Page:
Market and Model

Prices for diesel Sprinters start at just under £32,000. The core of the combustion model range remains as before; three wheelbases, four vehicle lengths, three roof heights and the choice of panel van and crew van options; before you start looking at chassis models, chassis crew cab variants, Tourer minibusses, plus a special Tractor Head chassis specifically designed for motorhomes. Diesel variants offer the choice of 150, 170 or 190hp versions of the same 2.0-litre engine - and there's the option of 9G-TRONIC auto transmission if you want it. There are front-driven, rear-driven and all wheel-driven models. And the diesel versions come with a choice of three trim levels - 'Pure', 'Progressive' and 'Premium'.

For the rear-driven-only all-electric eSprinter model, you'll probably need a budget of around £60,000 ex VAT upwards, before subtraction of the government £5,000 OLEV grant. The new re-engineered model offers a choice of L2 or L3 body lengths, 134bhp or 201bhp motors and three battery options - 56kWh, 81kWh and 113kWh.

All Sprinter models include an advanced connectivity package, the 'Communication Module', which has an in-built LTE SIM-card offering rapid data transmission between vans, drivers and vehicle managers. And as you'd expect, safety is very well accounted for. This eSprinter gets standard autonomous braking, the brand's 'Active Brake Assist with pedestrian protection' package. Plus, like the Vito, this LCV is also fitted with 'ATTENTION ASSIST' drowsiness detection, to prevent fatigue and encourage drivers to drive responsibly with breaks when they get tired. The Mercedes-Benz Emergency Call system can summon rescue services in the event of an accident, whilst Rear Cross Traffic and Exit Alert monitors the rear of the vehicle, and can autonomously brake in the event of an impending collision. In the event of an accident, Sprinter automatically applies its brakes to prevent secondary collisions.

Practicalities and Costs

As usual the main available body variants are the panel van, a crew van, a chassis with single or crew cab and the Sprinter Tourer bus. Three different wheelbases and tonnages between 3.0 and 5.5 tonnes create further individualisation options. The maximum towing capacity is 3.5 tonnes.

The Sprinter founded its reputation on solid practicality and the latest model is no exception. A low loading sill makes loading and unloading more convenient. The rear doors can be swung through 270-degrees and latched against the sides. The load compartment also scores with clever detailed solutions. Loadable wheel arches and fully usable load compartment heights increase versatility, especially in combination with front-wheel drive. Plus the payload of the front-driven version increases by 50 kilograms compared to rear-wheel drive. Across the range, the maximum load capacity is up a maximum of 17m3 on the largest diesel version (or up to 14m3 on the eSprinter).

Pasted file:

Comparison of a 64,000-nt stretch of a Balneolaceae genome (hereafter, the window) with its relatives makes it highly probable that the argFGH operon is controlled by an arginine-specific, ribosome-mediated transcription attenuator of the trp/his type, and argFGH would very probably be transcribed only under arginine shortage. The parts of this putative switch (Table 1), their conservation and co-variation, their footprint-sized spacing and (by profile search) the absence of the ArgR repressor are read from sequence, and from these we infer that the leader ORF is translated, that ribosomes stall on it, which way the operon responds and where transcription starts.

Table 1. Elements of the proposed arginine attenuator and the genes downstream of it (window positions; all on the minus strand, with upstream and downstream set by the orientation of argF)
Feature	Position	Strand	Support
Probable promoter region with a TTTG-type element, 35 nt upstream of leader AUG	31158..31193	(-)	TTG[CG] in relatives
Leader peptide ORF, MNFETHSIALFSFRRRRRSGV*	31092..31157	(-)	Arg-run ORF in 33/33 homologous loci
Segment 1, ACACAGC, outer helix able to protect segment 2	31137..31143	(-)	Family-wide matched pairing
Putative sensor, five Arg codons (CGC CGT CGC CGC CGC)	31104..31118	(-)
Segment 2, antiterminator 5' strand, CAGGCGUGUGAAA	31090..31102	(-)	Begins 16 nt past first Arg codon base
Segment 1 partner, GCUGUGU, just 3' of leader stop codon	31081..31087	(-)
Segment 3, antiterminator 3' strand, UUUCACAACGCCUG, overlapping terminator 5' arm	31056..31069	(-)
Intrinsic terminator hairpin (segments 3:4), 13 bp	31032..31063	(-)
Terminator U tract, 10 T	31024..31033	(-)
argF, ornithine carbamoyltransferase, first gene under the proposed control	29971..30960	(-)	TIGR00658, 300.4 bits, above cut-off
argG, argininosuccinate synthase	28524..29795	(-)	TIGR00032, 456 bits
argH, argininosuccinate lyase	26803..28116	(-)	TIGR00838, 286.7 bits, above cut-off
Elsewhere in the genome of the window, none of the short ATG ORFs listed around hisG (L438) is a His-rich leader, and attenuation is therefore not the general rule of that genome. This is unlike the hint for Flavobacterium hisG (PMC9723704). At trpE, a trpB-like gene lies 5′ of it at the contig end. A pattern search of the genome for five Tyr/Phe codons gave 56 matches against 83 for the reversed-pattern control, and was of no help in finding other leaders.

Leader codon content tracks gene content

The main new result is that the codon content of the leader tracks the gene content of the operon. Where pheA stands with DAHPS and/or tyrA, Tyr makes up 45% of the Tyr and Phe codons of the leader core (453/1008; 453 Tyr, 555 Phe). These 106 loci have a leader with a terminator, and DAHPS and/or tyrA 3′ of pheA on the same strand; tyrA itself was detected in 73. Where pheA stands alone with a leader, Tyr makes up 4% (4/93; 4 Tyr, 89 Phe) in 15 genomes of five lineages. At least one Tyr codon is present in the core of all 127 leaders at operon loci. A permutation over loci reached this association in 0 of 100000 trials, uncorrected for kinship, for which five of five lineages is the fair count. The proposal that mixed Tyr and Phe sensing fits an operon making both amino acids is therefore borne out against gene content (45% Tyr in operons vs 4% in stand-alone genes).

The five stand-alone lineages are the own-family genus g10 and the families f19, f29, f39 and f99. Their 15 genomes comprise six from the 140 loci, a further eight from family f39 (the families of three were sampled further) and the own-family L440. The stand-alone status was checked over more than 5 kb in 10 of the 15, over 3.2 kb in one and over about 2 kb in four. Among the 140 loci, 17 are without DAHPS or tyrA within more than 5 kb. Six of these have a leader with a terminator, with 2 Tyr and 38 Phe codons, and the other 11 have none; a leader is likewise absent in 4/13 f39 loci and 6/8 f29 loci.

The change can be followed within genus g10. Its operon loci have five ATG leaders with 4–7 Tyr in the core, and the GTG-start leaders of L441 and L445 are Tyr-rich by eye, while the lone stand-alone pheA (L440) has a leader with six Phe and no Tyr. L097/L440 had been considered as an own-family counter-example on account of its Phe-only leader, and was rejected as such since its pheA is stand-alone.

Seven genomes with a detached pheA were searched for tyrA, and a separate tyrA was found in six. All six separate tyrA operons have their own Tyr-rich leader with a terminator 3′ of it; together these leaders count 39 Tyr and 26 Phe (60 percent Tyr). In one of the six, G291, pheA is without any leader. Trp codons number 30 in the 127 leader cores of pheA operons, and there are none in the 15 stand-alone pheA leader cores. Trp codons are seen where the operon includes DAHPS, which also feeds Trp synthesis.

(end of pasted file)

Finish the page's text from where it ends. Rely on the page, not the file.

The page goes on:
As for running costs, there's proven BlueTEC engine technology to reduce emissions using Selective Catalytic Reduction technology with the AdBlue exhaust after-treatment process to reduce the proportion of nitrogen oxides after combustion by over 80 percent.

The re-engineered eSprinter can charge at up to 115KW. This means that replenishing the entry-level 56kWh battery from 10 to 80% can be done in as little as 28 minutes from a powerful DC rapid public charging point; allow 42 minutes for the largest-capacity 113kWh battery. This improved eSprinter can also charge at up to 11kW from an AC wall box or public charger.


Despite its European success, this Sprinter still isn't one of the first vans that many British business think of when their looking for a really large LCV. Yet on this evidence, perhaps its should be. It's as big and practical as any of its rivals, with a refined powertrain. The availability of front wheel drive has enabled Mercedes to access a wider band of buyers too. And the re-engineered eSprinter sets a new standard if you're looking for an EV in this segment.

Whatever the Sprinter variant you have in mind, yes of course you'll find cheaper rivals. Some of them feel a little more avant garde too and have cleverer cabs. But when it comes to the things that actually matter when it comes to running a vehicle of this kind, the Sprinter ticks most of the important boxes with the kind of thoroughness that you'd expect from something bearing the famous Three Pointed Star on its grille. All of which means that whatever your business, this could be your righthand van. Some things just don't change.